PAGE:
Crossing Khunjerab Pass Between Pakistan & China
Updated May 2023, Crossing Khunjerab Pass was originally written in August 2018
At over 4,600m Khunjerab Pass is the highest paved border crossing in the world on the famed Karakoram Highway. Home to the world’s highest ATM and that iconic gate that separates the two countries.
This is the overland route that business people, goods & supplies, and tourists must use to transit between Pakistan & China. Here is everything you’ll need to know before crossing Khunjerab Pass.
Plan your visit to Northern Pakistan with my Gilgit-Baltistan Travel Guide
Why Cross Khunjerab Pass?
- Travelers making the epic journey along the Karakoram Highway (KKH)
- For those border addicts looking to cross the highest border crossing in the world
- Travelers wanting to go between China and Pakistan without flights
Important Things To Know Before Crossing Khunjerab Pass
- You cannot cross between Tashkurgan and the gate/fence on the Chinese side on your own. You must take the transport services provided by NATCO (Northern Areas Transport Corporation) and Hunza-Xinjiang Trading Company.
- The Khunjerab Port where you deal with Chinese immigration is actually in Tashkurgan, about 100km from the actual gate.
- The Sost border where you will clear Pakistani customs and immigration is in the town of Sost, about 85km from the gate.
- Cyclists will need to put their bicycles on the truck (NATCO or Hunza-Xinjiang) and take the bus between Tashkurgan and Sost.
- Motorbikers and those crossing in their own vehicles must cross the border at the same time with the NATCO and Hunza-Xinjiang buses as a convoy.
- The border gate is at just over 4,600m/15,100ft. Bring plenty of water to help stave off the feeling of altitude sickness.
- It can be difficult to exchange money in Tashkurgan. It’s recommended to exchange some money into RMB in Sost for those China-bound.
- You will have to pay the Khunjerab National Park fee on the Pakistani side (even though you only drive through it). You can pay in USD, PKR, or RMB, $8/800/50 respectively.
- Dress warmly. It can get quite cold and be snowing on top of the pass even in the summertime.
- China is annoying and has the entire massive country in one time zone known as Beijing time. Since this is ludicrous considering the massive east-west sprawl of the country, Xinjiang unofficially has its own timezone that is two hours behind Beijing time. This is none the less confusing, so if unsure ask if they’re referring to Beijing or Xinjiang time. Note that most government, transport, and official things run on Beijing time. Thank Allah Pakistan has one time zone which is 1 hour behind being Xinjiang and 3 hours behind Beijing.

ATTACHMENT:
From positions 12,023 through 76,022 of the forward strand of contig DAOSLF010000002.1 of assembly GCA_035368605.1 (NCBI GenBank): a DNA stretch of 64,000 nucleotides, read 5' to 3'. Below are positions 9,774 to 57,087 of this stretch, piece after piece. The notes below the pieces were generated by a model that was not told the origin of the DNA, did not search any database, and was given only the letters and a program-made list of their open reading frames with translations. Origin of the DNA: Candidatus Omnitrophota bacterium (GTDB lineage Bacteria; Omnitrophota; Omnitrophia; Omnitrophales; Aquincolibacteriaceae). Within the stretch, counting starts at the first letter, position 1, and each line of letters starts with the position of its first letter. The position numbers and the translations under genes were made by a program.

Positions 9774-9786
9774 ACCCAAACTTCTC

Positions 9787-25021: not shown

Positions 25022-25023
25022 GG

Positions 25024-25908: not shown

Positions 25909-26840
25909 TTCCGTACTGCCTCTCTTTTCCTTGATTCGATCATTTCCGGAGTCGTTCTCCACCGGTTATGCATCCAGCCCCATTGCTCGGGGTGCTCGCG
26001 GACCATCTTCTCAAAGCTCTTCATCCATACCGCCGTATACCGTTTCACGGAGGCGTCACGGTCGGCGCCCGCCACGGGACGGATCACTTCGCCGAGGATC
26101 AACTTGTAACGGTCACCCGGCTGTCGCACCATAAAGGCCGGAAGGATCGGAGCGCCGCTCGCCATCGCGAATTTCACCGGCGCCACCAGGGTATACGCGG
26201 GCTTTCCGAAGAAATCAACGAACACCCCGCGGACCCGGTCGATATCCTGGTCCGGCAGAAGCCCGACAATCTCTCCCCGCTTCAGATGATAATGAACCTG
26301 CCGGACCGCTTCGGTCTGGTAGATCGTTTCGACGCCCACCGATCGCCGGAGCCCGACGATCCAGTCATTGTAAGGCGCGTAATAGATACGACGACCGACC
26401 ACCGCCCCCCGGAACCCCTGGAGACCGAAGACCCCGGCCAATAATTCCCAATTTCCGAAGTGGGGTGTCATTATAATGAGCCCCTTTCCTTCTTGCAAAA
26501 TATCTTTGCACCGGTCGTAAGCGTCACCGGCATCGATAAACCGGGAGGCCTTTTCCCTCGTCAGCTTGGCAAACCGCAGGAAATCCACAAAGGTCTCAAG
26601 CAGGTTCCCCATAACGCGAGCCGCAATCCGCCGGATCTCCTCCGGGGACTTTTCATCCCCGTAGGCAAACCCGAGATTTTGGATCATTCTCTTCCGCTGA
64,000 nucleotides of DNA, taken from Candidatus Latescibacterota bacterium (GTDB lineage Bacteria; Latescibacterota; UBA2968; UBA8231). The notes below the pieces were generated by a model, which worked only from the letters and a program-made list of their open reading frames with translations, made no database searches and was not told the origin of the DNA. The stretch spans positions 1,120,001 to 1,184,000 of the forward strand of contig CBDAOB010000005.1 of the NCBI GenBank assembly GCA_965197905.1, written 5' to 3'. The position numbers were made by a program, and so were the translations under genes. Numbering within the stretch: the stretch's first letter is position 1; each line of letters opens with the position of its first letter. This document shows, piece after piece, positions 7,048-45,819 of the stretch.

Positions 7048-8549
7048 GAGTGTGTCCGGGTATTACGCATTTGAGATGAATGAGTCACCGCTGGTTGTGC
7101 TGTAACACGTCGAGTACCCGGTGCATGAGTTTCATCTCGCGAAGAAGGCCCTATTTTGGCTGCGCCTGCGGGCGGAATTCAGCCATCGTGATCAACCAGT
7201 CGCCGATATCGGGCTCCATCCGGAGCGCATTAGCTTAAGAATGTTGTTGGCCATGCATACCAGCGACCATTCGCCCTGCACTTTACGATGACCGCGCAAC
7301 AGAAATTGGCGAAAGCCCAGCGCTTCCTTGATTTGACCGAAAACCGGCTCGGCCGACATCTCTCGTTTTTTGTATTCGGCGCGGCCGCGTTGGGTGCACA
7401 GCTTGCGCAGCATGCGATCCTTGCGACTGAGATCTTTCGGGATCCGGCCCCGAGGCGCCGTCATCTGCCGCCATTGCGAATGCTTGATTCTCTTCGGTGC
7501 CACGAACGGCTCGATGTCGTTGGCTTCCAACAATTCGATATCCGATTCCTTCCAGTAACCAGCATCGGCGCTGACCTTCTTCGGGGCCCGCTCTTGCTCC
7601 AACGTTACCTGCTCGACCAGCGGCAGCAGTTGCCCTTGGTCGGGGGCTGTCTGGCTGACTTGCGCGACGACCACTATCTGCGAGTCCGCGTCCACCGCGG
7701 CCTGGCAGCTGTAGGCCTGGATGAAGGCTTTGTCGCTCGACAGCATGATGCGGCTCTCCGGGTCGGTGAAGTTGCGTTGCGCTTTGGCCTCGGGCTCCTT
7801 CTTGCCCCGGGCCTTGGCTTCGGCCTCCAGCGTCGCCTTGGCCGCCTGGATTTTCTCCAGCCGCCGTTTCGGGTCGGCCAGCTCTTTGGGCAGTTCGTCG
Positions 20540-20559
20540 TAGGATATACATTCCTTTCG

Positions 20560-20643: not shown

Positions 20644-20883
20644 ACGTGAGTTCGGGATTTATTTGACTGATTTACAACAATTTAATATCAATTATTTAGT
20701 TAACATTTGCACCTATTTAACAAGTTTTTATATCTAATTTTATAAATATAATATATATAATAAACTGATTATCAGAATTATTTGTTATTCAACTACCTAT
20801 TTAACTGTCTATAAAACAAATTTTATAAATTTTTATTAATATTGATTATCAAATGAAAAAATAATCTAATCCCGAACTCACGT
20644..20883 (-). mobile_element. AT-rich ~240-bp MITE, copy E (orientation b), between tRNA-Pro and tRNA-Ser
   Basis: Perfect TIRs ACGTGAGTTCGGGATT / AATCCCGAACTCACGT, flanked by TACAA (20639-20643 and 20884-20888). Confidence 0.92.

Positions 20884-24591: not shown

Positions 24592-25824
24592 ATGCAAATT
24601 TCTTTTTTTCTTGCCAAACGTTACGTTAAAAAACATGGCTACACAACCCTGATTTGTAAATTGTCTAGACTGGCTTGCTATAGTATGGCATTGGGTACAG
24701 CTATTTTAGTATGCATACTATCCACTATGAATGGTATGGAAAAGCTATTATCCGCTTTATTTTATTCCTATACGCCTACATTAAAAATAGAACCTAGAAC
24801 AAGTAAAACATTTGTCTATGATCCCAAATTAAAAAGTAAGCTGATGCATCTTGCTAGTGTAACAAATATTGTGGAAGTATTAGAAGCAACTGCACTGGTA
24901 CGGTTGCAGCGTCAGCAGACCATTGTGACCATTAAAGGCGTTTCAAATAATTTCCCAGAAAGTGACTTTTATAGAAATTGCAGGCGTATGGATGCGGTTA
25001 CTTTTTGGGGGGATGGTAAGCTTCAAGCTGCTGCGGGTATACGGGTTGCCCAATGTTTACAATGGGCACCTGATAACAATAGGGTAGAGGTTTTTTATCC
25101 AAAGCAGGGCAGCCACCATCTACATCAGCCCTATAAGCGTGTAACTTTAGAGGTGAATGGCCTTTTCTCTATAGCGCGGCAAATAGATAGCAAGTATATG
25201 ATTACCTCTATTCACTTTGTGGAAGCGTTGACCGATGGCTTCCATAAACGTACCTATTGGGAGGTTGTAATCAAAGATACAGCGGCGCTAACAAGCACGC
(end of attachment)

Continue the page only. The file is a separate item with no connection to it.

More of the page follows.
Days & Hours Of Operation
The Khunjerab Pass is only open Monday through Friday. Hours of opening aren’t really of concern to travelers as the border is only open to those taking the NATCO and Hunza-Xinjiang Trading Co. buses, and those with their own vehicles that will cross with the convoy of buses.
If you are curious, the Chinese side is open from 11 am-8 pm Beijing time (9 am-6 pm Xinjiang time). The Pakistani side is open from 9 am-5 pm.
The border is closed for Chinese and Pakistani (as well as Islamic holidays) so do check ahead that you won’t be planning to cross on a holiday.
Note that Khunjerab Pass is closed in the winter months from about November to April.
Getting There & Transportation
As of right now NATCO and Hunza-Xinjiang Trading Company offer buses that shuttle people over Khunjerab Pass between Tashkurgan, China, and Sost, Pakistan.
- Tickets from China to Pakistan cost 225 RMB ($35 USD) and tickets from Pakistan to China cost 3,300 PKR ($28 USD). These tickets must be paid for in the respective local currency.
- Tickets from China to Pakistan must be bought the morning of at the bus station and you will need your passport to purchase them. From Pakistan to China it is possible to reserve tickets in advance.
- Hunza-Xinjiang does offer private transport options for trips from Sost to Tashkargan. It must be booked in advance. Costs are 25,000 PKR for cars and 35,000 PKR for Landcruisers. Each can hold up to 4 passengers.
- The drive between Tashkurgan and Sost will take about 6 hours.
China To Pakistan
Traveling from China into Pakistan is a bit of a clusterf**k, you’ve been warned. Here is the entire procedure, start to finish: